It’s all about u: A primer in UX
While we’ve learnt about app design over the years, we’ve also learnt more about ourselves and what we like. We like when things we use:
- Are intuitive
- Are easy to learn
- Make tasks fast and easy to accomplish
- Are responsive
- Delight us
These are the principles of Human Centred Design, which encompasses User Experience (UX), User Interface (UI) and ‘Interaction Design’. This all means designing intuitive apps with humans in mind; with fewer gestures, clean aesthetics, infinite scrolling, reduced load times and accessible layouts.
First impressions are 94% design-related.
Examples of this include The Accessibility Project, which is helping designers create apps for the blind and visually impaired, while the likes of Facebook and Medium are pushing to remove the concept of logins and passwords altogether. In the (near) future, Apple Pay will push pin-code verification for online purchases, whilst eye-movement capture could be used to pause videos or control elements without touch. #TheFuture. 😎
The point is to get humans from a to b (or z) as quickly as possible, in order to achieve your app goal as quickly, and with the least amount of friction, as possible. For those questioning the validity of human-centred design, here are some stats to consider:
Just one extra second of dwell time has been known to kill online retail sales by as much as 27%.
- TIME.com saw a 15% drop in bounce rate (people leaving their site before viewing content) after installing infinite scrolling
- 88% of consumers are unlikely to return to a site after a bad experience
- Slow loading websites cost retailers $2.6 billion US in lost sales annually
- 85% of adults think that a company’s mobile websites should be as good, or better than, the desktop website
- 39% of people will stop engaging with a website if images take too long to load
Still tapping your phone? You’re stuck in the past! App designers want to fully utilise your range of inputs, making gestures like swipes and tilts central to UX. Platforms like Facebook Canvas require tilting for a more immersive experience, whilst 360-degree videos are giving us a more ’rounded’ design experience via movement.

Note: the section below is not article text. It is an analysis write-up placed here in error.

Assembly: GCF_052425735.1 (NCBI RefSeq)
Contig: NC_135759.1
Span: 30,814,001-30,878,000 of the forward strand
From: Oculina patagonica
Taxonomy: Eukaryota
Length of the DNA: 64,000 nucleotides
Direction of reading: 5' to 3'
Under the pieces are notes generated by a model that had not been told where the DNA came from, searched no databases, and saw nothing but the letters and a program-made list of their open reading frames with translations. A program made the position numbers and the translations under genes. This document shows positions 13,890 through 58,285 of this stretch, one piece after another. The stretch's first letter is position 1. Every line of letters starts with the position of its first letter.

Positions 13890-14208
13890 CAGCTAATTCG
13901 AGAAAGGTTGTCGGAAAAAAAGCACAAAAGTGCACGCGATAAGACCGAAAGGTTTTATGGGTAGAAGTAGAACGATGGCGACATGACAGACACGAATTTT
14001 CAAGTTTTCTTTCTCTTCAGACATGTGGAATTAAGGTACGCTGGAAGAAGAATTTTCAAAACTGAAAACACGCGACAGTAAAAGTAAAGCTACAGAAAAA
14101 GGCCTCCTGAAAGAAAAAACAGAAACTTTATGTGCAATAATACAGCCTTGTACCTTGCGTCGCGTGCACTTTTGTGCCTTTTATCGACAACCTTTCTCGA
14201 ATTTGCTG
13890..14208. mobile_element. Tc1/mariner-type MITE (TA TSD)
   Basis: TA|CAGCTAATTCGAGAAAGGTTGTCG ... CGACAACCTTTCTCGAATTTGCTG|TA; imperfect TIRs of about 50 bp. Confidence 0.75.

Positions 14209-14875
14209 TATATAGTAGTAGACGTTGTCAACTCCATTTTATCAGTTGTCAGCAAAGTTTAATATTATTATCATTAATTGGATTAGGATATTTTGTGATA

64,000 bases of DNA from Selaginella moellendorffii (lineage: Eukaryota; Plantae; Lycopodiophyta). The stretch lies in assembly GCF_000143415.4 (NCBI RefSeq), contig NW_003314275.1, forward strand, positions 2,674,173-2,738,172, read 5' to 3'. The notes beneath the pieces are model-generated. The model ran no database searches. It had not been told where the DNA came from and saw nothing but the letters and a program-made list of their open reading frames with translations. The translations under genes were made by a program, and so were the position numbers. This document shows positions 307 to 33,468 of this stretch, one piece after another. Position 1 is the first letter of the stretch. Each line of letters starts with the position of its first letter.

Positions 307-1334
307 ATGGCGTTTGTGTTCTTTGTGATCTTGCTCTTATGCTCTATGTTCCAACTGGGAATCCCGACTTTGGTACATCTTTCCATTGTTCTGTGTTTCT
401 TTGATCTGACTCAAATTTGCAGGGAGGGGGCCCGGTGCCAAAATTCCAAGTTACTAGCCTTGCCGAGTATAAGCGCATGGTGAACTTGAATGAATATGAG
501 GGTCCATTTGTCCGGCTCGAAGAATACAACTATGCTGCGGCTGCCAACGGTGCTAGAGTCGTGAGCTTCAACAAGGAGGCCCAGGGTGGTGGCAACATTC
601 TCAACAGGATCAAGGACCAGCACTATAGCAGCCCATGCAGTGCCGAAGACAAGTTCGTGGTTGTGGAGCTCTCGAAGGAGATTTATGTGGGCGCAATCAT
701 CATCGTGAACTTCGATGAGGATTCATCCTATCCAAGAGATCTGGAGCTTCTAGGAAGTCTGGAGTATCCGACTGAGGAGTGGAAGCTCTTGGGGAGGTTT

The physical design of our phones plays a part here, too. The increasing size of smart devices benefits the user experience – from greater data visualisation (think scientific calculators) to a rich content interfaces (CNN do this spectacularly well), the added bulk even gives actions a sense of purpose.
Big screens = big possibilities. Phone-based VR products like Google Cardboard and Samsung Gear mean we need to think less about layers and more about environments, as wearables like smartwatches and fitness devices require design to take bodily movements into account also. Haptic tech advancements now listen to not only just where we touch our devices, but the force and drag we do it with.
Visuals matter, too
The glossy arrival of Jony Ive at Apple, alongside Google’s ‘Material Design’ principles have ushered in a slick visual trend built on layers and interactivity. You only need to look to some of the world’s biggest companies to see how ‘Flat’ design principles are becoming prolific in big business. This means clean layouts, eye-catching typography, a soft colour palette, and simple, intuitive navigations. Information, detailed by graphics, is set to be an enormous growth area, with up to 62% of B2C marketing using infographics in the last 12 months, and 75% of B2B content marketers using illustrations in the last year. Want to learn from the best? Try checking out Apple’s official iOS Design Principles Guide.
The future means… No apps at all?
Possibly the biggest trend in app development could be the removal of apps altogether. With the ever-increasing involvement of the cloud and a true over-saturation of the market, apps are being built online to increase accessibility across the board. It’s estimated in the US, cloud computing value will grow from $43b (2015) to $55b in 2016, with around 78% of small-medium businesses fully adapted to the cloud by 2020. Google’s ‘Instant Apps’ (announced just days ago at their annual i/o event) is kicking off this trend by allowing apps to run instantly, without installing them.
Expect a whole new app arms race.
4 Minute Read